Pour the crumbly mixture on a large sheet of plastic wrap. Using your hands, fold the edge of the plastic wrap under your knuckles and press the dough. Keep doing this motion, using the plastic wrap as your barrier and helper to form the dough quickly into a ball. Fold it over itself a couple of times, then flatten into a disc. Cover completely with the wrap, and shape in your hands into a flat, round disc, about 1/4-1/2 inch thick. Wrap in plastic wrap and chill for at least1 hour. Take it out ten minutes before rolling to make your life a little easier.
Roll dough out between two lightly floured sheets of plastic wrap into a circle to fit your pie pan giving yourself and extra 1/2 inch overhang. Peel the top saran piece off. Slip your hand under the saran and dough while placing your pie pan upside down above. Flip the dough over with the pie pan and place into the pie pan right side up. The plastic wrap will be on the top now. Peel the plastic wrap off after adjusting the dough to fit nicely. Press dough gently into the pan. Cut an even 1/2 inch overhang. With any extra dough, knead into a little ball and roll until flat again, Cut some decorative leaves (8-12) and place on a parchment lined baking sheet. Cover with plastic wrap the bottom crust as well as the leaves, and let rest in the fridge until ready to use. Can be done the night before.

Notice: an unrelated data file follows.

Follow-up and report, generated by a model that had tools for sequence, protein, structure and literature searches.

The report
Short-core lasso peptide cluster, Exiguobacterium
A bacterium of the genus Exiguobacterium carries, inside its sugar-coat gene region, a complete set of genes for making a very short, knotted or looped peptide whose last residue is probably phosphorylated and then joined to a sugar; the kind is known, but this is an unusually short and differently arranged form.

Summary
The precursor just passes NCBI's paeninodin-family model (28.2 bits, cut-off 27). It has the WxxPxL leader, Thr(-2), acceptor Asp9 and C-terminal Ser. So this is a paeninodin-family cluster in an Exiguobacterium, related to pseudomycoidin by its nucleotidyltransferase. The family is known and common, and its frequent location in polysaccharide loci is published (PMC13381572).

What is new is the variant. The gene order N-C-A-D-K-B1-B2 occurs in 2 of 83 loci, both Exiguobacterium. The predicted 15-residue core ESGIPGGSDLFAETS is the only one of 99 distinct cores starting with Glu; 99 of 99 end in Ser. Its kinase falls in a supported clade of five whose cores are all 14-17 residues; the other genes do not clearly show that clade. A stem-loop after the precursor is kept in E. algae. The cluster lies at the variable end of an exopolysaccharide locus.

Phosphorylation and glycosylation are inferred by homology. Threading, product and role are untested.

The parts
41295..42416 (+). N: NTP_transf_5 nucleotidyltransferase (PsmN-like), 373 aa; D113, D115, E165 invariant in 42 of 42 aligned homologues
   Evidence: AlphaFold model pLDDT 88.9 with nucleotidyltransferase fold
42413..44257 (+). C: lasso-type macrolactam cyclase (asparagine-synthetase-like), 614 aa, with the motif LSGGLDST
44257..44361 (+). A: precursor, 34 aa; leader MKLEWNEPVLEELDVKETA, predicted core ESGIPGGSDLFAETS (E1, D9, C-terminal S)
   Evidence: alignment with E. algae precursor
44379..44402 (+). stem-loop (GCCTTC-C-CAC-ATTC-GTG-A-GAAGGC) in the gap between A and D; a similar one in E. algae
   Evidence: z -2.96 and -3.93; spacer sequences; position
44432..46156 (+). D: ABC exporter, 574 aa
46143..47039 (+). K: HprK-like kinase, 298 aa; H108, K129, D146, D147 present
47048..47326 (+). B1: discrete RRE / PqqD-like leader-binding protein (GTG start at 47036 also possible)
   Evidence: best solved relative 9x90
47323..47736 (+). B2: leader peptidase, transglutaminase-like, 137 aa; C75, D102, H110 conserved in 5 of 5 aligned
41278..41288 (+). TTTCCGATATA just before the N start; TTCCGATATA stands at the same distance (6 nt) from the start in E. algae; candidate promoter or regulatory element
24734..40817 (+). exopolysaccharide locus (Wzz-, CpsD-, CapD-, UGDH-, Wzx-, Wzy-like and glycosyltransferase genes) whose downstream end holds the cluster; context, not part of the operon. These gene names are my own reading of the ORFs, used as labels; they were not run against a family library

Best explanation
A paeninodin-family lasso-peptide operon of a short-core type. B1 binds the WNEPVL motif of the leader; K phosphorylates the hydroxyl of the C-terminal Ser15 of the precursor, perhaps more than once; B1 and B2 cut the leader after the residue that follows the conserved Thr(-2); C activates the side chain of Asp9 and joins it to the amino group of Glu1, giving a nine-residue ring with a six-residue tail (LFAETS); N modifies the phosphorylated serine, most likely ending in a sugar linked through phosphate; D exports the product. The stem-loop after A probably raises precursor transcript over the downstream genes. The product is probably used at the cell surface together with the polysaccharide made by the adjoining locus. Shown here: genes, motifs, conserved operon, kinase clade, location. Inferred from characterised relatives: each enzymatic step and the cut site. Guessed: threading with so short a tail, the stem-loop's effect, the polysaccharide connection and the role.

Peel core and slice 3-4 cups of apples (pictured here, I used Johnathan which I think were too soft, personally. I like a mix; Gala is the right sweetness as well as holds a little shape while cooking. You can mix in a Macintosh or Golden Delicious for softness and juice, and maybe a Honeycrisp, Zestar or Granny Smith for some firmer tartness.) and mix with the sugars, Frangelico and spices. Let macerate for 1 hour. In a large saute pan, add 1 Tbsp. butter. Melt over medium heat. Add the apples and cook on medium heat until beginning to soften. Take off heat and add cornstarch. Mix and set aside.
Make the pecan custard: